ON Monday 28 November, business leaders from Peterborough are invited to take part in an innovative and inspirational ‘Open Doors’ visit as part of The Prince’s Seeing is Believing programme. The Thorpe Hall Hospice, which is owned and operated by the Sue Ryder charity, will be the venue for an eye-opening morning of presentations and discussions; exploring the ways in which businesses in Peterborough can engage with the ex-offender agenda through closer working relationships with the Prison and Probation services.
The visit, which starts at 10am, is being organised by Business in the Community (BITC) as part of the Right Step project. BITC is a business-led charity which works to advise, support and challenge businesses to be responsible, sustainable and successful. The charity, in partnership with the National Offender Management Service and the European Social Fund, is delivering the Right Step project to help businesses in the East of England; linking employers with their local Prison and Probation services in a way that will benefit both their firm and the wider community. The aim is to reduce re-offending by offering ’real life’ employability support to serving prisoners and ex-offenders.
The visit will provide attendees with the opportunity to find out how Sue Ryder has engaged with the ex-offender agenda, helping them to understand more about the charity’s award winning ‘Prison Volunteer Programme’. In the last year, in the East of England alone, 34 offenders serving custodial sentences and 137 on probation or community sentences have volunteered in 30 of Sue Ryder’s shops. They have provided 825 volunteer hours a week, saving the charity nearly £260,000 – enough to cover the cost of five beds in one of its neurological care centres for a year.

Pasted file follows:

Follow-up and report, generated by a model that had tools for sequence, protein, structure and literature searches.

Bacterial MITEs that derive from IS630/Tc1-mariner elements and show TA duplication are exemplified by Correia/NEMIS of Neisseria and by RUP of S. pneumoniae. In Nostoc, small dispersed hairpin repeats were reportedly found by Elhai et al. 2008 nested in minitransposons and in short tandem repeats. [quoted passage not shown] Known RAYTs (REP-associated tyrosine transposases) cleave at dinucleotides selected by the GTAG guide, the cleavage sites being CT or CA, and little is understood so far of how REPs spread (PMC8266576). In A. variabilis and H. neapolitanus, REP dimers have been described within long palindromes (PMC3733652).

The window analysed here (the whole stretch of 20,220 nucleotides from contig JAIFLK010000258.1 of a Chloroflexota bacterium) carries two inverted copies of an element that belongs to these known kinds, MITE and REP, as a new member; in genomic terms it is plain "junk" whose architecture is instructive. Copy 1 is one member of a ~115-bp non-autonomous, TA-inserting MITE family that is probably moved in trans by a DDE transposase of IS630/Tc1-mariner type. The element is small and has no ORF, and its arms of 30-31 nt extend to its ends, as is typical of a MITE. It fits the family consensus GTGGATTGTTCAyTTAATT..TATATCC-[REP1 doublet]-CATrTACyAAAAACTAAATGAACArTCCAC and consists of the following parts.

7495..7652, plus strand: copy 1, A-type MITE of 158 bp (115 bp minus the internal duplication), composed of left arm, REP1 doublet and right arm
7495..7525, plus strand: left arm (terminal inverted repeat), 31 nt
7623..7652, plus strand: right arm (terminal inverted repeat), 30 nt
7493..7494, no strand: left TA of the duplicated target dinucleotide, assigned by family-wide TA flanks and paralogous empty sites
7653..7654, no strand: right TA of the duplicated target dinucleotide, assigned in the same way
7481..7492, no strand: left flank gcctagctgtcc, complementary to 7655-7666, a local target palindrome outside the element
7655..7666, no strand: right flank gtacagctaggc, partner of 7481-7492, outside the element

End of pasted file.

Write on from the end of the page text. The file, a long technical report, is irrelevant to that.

Carol Davis is Prison Volunteer Programme Co-ordinator at Sue Ryder. ”We work with around 42 prisons across the UK as well as the Probation service. By providing work-based skills, we aim to increase employment prospects for offenders. Helping people to find employment is a major factor contributing to reducing re-offending and generates a potential saving to society of around £40,000 a year for each person who stays out of prison.
“The Business in the Community Right Step project is acting as a real catalyst in our region,” Carol continues. “Events such as local employer forums and free training days provide opportunities for employers to learn about ways in which they can engage with the Prison and Probation services, but also a platform for raising concerns and utilising the experience of others to address potential issues.”
Mike Brophy is regional director of Business in the Community in the East of England: “We recently commissioned an independent survey of business leaders in the East of England and 45% of them said they would be put off short-listing a skilled and experienced candidate if they knew they had been in prison and/or had a criminal record,” he says. “These businesses could be dramatically reducing their pool of good people and, in these difficult trading times, that puts them at a disadvantage compared to their competitors; 17.1% of the UK working population has a criminal record. In addition, by not giving ex-offenders the chance to compete on a level playing field when it comes to training, work and volunteering opportunities, employers are contributing to one of the most challenging issues that our society and economy faces: the high cost to us all of re-offending.”
“We hope that this unique Open Doors event will enable business leaders from Peterborough to see how engaging with the ex-offender agenda can help them fulfil their diversity and community involvement responsibilities, as well as bringing benefits to their businesses,” continues Mike Brophy.
It is essential to register if you would like to attend the Open Doors event on Monday 28 November. For more information, please contact Debbie Longhurst on 07718 793 880 or email firstname.lastname@example.org